At the same time the call went out for the helicopter, teams of firemen were climbing the dark smoke-filled stairwells to lead victims out.

              "HE DIED TRYING TO SAVE OTHERS" read a Jacksonville Journal headline the next day. The newspapers often have used this same headline to describe fire department heroes over the years.

              "Assistant Fire Chief James R. Romedy, 49, was doing his job -- saving lives -- when he lost his own," the paper said.

              "We were breaking open doors getting people out of their rooms," said Capt. N.E. Hagen. "The Chief said he had too much smoke and headed downstairs; the eight floor was one of the worst."

              He stopped to rest a moment then headed back up.

              "I met him on the sixth floor working my way up," said Private Bill O'Neal. "We went up to the 10th floor or 11th and he stood inside the back stairwell..."

              The pair directed four other trapped guests down the stairs and Romedy collapsed -- victim of an apparent heart attack. Romedy had been a fireman for 22 years.

              That Sunday morning, the pastor of Snyder Memorial Methodist Church was preaching on Philippians 2 -- "Look not every man on his own things, but every man also on the things of others. Let this mind be in you, which was also in Christ Jesus: Who, being in the form of God... took upon him the form of a servant... He humbled himself, and became obedient unto death, even the death of the cross."

              The pastor cut his sermon short and opened the church as a refugee center for fire victims.

              "Rescue operations had swung into full gear and there was no stinting," the newspaper said.

               "Firemen risked their lives. Policemen risked their lives. Helicopter pilots risked their lives. Just plain people risked their lives. The nerve and muscle of Jacksonville was strained toward one objective -- Get those people out of that hotel!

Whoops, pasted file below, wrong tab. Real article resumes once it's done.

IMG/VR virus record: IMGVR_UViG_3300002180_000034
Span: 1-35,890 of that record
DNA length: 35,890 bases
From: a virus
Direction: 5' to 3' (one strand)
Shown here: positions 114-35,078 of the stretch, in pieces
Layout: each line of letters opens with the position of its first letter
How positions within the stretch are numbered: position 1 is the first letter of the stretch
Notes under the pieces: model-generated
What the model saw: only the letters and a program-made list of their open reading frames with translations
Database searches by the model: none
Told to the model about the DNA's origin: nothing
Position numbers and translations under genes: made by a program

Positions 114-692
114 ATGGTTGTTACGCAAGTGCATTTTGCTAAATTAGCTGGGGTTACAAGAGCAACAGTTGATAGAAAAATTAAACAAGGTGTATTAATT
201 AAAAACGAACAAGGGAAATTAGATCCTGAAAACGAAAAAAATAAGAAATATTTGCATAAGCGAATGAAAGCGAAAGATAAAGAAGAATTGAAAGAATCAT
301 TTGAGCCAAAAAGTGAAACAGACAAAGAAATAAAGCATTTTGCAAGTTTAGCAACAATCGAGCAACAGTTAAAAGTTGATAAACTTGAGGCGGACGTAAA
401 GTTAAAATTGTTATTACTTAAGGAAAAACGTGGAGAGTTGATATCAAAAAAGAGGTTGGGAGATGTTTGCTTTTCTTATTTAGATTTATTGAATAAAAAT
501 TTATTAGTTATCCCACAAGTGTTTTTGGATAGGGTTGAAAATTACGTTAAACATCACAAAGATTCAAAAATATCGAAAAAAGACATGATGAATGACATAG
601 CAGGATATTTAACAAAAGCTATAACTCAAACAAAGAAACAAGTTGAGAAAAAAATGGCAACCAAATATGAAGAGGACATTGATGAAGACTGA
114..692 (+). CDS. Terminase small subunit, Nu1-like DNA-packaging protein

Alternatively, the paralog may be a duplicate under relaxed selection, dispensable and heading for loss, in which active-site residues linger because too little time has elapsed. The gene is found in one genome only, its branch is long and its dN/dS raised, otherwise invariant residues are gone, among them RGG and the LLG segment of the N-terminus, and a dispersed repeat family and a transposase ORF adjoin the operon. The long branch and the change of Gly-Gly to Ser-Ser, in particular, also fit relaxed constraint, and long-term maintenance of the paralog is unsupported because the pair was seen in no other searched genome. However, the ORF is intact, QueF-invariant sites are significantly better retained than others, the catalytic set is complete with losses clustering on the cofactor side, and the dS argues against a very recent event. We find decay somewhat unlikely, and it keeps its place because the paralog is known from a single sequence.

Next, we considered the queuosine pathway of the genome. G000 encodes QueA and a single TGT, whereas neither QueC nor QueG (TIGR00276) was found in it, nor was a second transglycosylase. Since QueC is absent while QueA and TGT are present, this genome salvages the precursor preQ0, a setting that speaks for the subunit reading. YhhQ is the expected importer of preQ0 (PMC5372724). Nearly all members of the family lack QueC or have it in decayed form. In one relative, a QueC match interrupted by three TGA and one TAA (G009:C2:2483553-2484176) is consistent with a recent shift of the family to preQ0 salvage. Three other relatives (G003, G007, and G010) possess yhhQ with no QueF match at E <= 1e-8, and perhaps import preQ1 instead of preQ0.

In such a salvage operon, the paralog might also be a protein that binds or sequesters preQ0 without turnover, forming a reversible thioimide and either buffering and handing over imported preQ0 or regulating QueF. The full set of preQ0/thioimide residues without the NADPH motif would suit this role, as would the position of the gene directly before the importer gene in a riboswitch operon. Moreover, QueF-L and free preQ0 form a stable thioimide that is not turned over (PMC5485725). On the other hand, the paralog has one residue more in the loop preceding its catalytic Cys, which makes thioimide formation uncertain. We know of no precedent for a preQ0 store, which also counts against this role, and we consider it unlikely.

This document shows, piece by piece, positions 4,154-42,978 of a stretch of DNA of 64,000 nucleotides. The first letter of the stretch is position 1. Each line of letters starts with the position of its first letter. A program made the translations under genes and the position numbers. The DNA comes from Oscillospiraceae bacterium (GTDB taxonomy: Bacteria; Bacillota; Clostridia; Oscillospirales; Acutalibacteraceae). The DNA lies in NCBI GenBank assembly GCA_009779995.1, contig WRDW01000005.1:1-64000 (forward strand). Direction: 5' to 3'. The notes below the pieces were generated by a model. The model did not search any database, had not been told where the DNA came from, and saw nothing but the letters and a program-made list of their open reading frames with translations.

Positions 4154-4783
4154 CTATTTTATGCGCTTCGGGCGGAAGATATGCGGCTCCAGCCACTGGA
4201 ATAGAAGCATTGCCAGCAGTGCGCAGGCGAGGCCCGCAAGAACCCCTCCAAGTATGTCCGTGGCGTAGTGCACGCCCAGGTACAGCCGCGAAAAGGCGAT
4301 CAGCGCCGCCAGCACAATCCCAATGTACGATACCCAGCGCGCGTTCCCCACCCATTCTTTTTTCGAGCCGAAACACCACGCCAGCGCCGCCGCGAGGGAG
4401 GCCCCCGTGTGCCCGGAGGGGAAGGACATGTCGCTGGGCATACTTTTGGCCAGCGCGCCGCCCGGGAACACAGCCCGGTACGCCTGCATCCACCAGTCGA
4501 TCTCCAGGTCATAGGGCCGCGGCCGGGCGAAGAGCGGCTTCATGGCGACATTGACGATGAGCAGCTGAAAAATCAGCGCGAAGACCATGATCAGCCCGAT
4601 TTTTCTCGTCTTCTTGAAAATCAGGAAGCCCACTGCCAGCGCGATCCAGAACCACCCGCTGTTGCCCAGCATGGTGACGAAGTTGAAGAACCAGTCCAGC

"While firemen grimly battled to douse the blaze inside the dark, smoke-filled lobby, others worked on the outside taking people down 100-foot steel ladders from the windows to safety...

              "All of the heroism shown this day will never be completely recounted for it seemed to be commonplace."

              Officers on the scene estimated that about half those rescued were brought down ladders extended from the fire trucks.

              The manager of the downtown May Cohens opened the store and supplied clothing and shoes to dress fire victims. Many had escaped with only blankets wrapped around them.

              After the fire, "Among the jam of police cars, emergency vehicles and fire trucks parked in front of the hotel was Miss America's 1964 white convertible. She was taken to Baptist Memorial Hospital for treatment for smoke inhalation."

              Of the 500 guests registered at the hotel that night, 21 died -- 479 were rescued.

              When fireman finally lead Ned Huffman's family down from their 12th floor room, a reporter asked how long they had been trapped up there?

              "About three years," Mr. Huffman said, "It was about three years."


THE '50s and '60s

              Was the Roosevelt Jacksonville's worst fire?

              Lt. Mose Bowden fought the fire at the Roosevelt and was at the Triangle Tank Farm Fire.

              "There's no such thing as a good fire," he said. "Every fire is bad. Any one you respond to could be the worst."

              Contrary to department rumor, Bowden, now curator of the Jacksonville Fire Museum and an expert on local and Fire Department history, did NOT fight the Great Fire of 1901.

              The 1950s brought a new era in firefighting.

              When Station 17 opened in December, 1950, a newspaper article said:

              "After the firemen get their petunias out and the rest of the landscaping done, they will have one of the handsomest stations in town."

              During the 1950s and '60s, men of the Jacksonville Fire Department more and more often found themselves fighting fires characterized by the era's new technology. New building materials which produce toxic fumes, industrial products, dangerous chemical compounds confronted firefighters more and more often.

              Better trained men with specialized equipment met the challenge.

              For instance, on March 16, 1953, Apperson Chemicals Inc., 2903 Strickland St., exploded.

              The 8:39 p.m. fire drew huge crowds of spectators.

              More than a hundred 55-gallon drums of various chemicals blew up periodically as seven engine companies and two hook and ladder companies fought the blaze.

              When asked what chemicals the blazing plant contained, a plant official  said, "Just about everything!"

              Fire Chief J.B. Chancey later determined the tanks held sulphuric acid, alcohol, carbon, acetylene gas, carbide, ammonia, etc.